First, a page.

Essay on The General Strike of 1926

Essay on The General Strike of 1926

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The General Strike of 1926

In 1926 the General Council of the Trades Union Congress (TUC) called
out workers throughout the country on a general strike for nine days
in an attempt to force the government to act to prevent the wages and
conditions of coal miners being lowered. There is no one reason why
the General Strike of 1926 took place, instead a large number of long
and short term causes led towards the event, which was finally set off
by a trigger cause. An example of a long term cause would be the
history of bad relations between mine owners and their workers, a
short term cause would be the Samuel Report and a trigger the Daily
Mail article. Each cause led towards the strike and this essay will
examine what these causes were, and how important they were in
bringing about the General Strike.

A long-term factor which contributed largely towards the strike was
misplaced post-war optimism. During the war Trade Unions had worked
alongside the Government to agree on working conditions. They had even
allowed unskilled workers, such as women to take on jobs that could no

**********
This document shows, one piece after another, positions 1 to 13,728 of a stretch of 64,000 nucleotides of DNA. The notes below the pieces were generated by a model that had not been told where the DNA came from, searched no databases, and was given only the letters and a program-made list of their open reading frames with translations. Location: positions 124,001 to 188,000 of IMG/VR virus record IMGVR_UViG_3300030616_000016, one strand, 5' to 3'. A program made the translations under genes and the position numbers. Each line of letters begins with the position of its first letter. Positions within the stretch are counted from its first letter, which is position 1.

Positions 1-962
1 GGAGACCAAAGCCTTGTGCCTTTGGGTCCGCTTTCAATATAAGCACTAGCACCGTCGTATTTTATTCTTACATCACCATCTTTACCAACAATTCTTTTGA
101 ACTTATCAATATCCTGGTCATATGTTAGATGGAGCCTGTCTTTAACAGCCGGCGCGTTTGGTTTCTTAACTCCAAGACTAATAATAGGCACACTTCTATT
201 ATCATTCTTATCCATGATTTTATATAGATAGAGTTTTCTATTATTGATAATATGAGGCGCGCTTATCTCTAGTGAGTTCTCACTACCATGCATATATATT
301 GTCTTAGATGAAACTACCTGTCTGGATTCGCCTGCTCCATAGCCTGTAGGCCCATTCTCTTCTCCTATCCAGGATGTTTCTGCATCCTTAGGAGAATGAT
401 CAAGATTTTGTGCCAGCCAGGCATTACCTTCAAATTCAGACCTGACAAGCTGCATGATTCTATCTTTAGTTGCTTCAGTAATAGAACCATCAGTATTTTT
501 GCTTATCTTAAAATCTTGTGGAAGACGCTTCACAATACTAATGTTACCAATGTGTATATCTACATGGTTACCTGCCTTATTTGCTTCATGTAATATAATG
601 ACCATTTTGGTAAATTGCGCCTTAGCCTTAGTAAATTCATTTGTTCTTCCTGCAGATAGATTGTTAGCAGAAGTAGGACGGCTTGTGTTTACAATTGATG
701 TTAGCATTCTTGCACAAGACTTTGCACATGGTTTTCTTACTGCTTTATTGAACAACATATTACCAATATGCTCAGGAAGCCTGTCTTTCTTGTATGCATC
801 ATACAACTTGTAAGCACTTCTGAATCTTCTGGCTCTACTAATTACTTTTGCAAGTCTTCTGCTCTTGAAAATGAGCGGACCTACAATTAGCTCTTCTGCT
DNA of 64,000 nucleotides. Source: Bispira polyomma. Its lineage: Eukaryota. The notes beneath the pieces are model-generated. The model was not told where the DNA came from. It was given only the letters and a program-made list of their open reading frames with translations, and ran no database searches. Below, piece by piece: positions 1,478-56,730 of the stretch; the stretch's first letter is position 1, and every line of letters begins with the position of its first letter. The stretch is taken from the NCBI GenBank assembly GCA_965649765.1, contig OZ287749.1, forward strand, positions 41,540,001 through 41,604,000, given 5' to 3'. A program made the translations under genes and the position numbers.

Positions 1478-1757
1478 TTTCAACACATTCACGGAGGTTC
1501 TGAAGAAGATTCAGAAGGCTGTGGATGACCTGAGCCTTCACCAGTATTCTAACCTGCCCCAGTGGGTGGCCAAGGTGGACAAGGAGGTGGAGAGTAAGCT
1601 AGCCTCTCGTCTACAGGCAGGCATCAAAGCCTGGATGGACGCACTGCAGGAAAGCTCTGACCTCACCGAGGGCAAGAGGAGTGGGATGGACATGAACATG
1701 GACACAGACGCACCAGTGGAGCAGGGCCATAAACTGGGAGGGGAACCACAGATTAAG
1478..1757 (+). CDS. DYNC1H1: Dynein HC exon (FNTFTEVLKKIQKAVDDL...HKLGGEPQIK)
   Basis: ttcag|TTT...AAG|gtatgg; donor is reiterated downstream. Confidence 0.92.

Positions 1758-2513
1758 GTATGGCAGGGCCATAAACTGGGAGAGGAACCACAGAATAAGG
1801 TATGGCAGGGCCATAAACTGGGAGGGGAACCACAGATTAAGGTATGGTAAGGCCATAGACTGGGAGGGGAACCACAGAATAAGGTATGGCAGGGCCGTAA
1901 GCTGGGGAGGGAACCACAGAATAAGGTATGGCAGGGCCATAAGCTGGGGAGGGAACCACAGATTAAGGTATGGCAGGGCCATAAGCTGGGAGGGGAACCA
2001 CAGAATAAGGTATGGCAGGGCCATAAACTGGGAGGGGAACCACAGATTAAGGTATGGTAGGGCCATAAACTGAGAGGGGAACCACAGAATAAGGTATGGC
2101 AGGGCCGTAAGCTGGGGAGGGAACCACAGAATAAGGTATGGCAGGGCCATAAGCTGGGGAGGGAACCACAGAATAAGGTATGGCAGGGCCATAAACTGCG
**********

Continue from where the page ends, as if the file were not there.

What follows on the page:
longer be filled by the skilled workers, who were off at war- this was
known as dilution of labour. However, this disillusionment of improved
working conditions did not last for long. When the war was over the
skilled workers returned to these jobs, leaving those who had filled
in for them unemployed and disillusioned. It was not only those who
had lost their jobs who felt this way, but those that remained in
their posts at companies which were handed back to private ownership
were disheartened by the deteriorating working conditions, due to
denationalisation. W...


... middle of paper ...


...itable, perhaps making this the principal cause of the strike and
the Government the group ultimately to blame. However, all four groups
involved in the strike share part of the blame for what came. The
government called off the negotiations when times were at the most
precarious and the measures they took to prevent the strike made
things worse, if anything. The mine owners and workers each refused to
negotiate, the owners were not successful in convincing the workers it
was necessary for their wages to be lowered. The TUC were also partly
to blame since they got drawn into a strike which they did not believe
would be of use to anyone. The mine workers and owners were mainly to
blame since they did nothing to resolve the situation, whereas the
Government and the TUC did try and negotiate and come to a fair
conclusion.

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